Document shows some EPA officials saw West Lake waste removal as ‘feasible’, 06/16/2016

St. Louis Post-Dispatch
by Jacob Barker

Radioactive sign at West Lake landfill in Bridegton- tight
Exterior shot showing a section of the West Lake landfill Tuesday March 13, 2012, in Bridgeton. The EPA is assessing whether to stick to a 2008 plan to leave tons of Cold War era radioactive waste buried at the West Lake landfill or shift plans and excavate it. Photo by Laurie Skrivan, lskrivan@post-dispatch.com

Removing the hottest radioactive waste within the West Lake Landfill is feasible and could reduce long-term risks from the Bridgeton-area landfill, an internal Environmental Protection Agency report says.

The report, released by the agency voluntarily Wednesday, bolsters the arguments of environmentalists in the region who have long advocated for removing the radioactive waste rather than simply capping the unlined landfill.

The EPA never moved forward with its 2008 proposal to cap the radioactive waste at the West Lake Landfill in Bridgeton. The agency has cited community backlash for the reconsideration, and additional West Lake studies over the last several years were prompted at least in part by an internal EPA peer-review group, known as the National Remedy Review Board.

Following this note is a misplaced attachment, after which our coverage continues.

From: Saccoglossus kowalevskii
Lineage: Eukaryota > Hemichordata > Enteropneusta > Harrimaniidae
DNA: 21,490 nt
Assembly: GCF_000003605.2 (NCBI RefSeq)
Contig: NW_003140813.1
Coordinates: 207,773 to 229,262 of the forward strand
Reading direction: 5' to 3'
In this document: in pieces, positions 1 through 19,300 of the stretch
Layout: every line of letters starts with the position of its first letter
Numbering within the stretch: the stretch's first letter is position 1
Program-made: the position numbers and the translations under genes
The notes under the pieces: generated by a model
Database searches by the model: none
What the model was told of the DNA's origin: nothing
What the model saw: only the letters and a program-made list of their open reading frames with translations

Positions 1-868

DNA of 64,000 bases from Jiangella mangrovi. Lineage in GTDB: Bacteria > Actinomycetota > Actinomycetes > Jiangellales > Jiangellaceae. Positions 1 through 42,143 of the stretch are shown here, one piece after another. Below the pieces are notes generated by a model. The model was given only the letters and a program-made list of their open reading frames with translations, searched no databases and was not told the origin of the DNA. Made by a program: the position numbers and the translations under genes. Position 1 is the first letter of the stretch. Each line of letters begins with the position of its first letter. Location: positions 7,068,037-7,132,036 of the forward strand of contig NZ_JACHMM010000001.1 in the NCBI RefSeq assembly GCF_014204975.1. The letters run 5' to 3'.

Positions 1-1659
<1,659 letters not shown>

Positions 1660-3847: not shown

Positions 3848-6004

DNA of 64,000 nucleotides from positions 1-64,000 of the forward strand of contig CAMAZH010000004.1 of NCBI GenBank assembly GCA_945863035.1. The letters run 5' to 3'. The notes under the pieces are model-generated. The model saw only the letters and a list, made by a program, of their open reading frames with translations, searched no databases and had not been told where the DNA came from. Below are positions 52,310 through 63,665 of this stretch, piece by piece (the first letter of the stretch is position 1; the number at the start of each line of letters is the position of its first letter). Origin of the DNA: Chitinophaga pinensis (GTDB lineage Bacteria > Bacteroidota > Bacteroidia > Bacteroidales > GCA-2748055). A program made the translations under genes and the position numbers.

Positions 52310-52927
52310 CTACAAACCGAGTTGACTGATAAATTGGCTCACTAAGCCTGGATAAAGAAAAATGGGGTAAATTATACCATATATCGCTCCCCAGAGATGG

The 9-page summary of the board’s findings, finalized in February 2013 and posted online Wednesday afternoon, outlines recommendations that influenced the EPA’s decision-making.

In its report, the board, made up of other EPA scientists who review Superfund cleanup decisions, noted that the radioactivity of the site is expected to increase by a factor of 35 over the next 1,000 years as uranium’s daughter product thorium decays into radium. Saying the landfill contains “potentially significant amounts” of radiation that are “highly toxic,” it recommends taking a close look at removing the hottest contamination.

“It appears feasible to remove more highly contaminated material and significantly reduce long-term risk at the site,” the report says. “The Board is aware of ongoing cleanups in other Regions where the reduction of radiologically-impacted source material is being safely and efficiently undertaken in a manner that is protective both to the workers and the community.”

EPA Region 7, based in the Kansas City area, has said its cap proposal would meet its health protection levels, which aim for less than a 1 in 10,000 risk of cancer among individuals whom it deems likely to be exposed to the contaminants. The office had argued that digging up the waste would present additional risks to nearby residents by potentially releasing radioactive materials into the surrounding area.

The board, however, said that it was possible to minimize such risks.

“The cleanup work can be done safely without unacceptable risk in accordance with approved health and safety plans and appropriate engineering controls as necessary to ensure that any risks to the community are minimized and mitigated,” the board wrote in its report.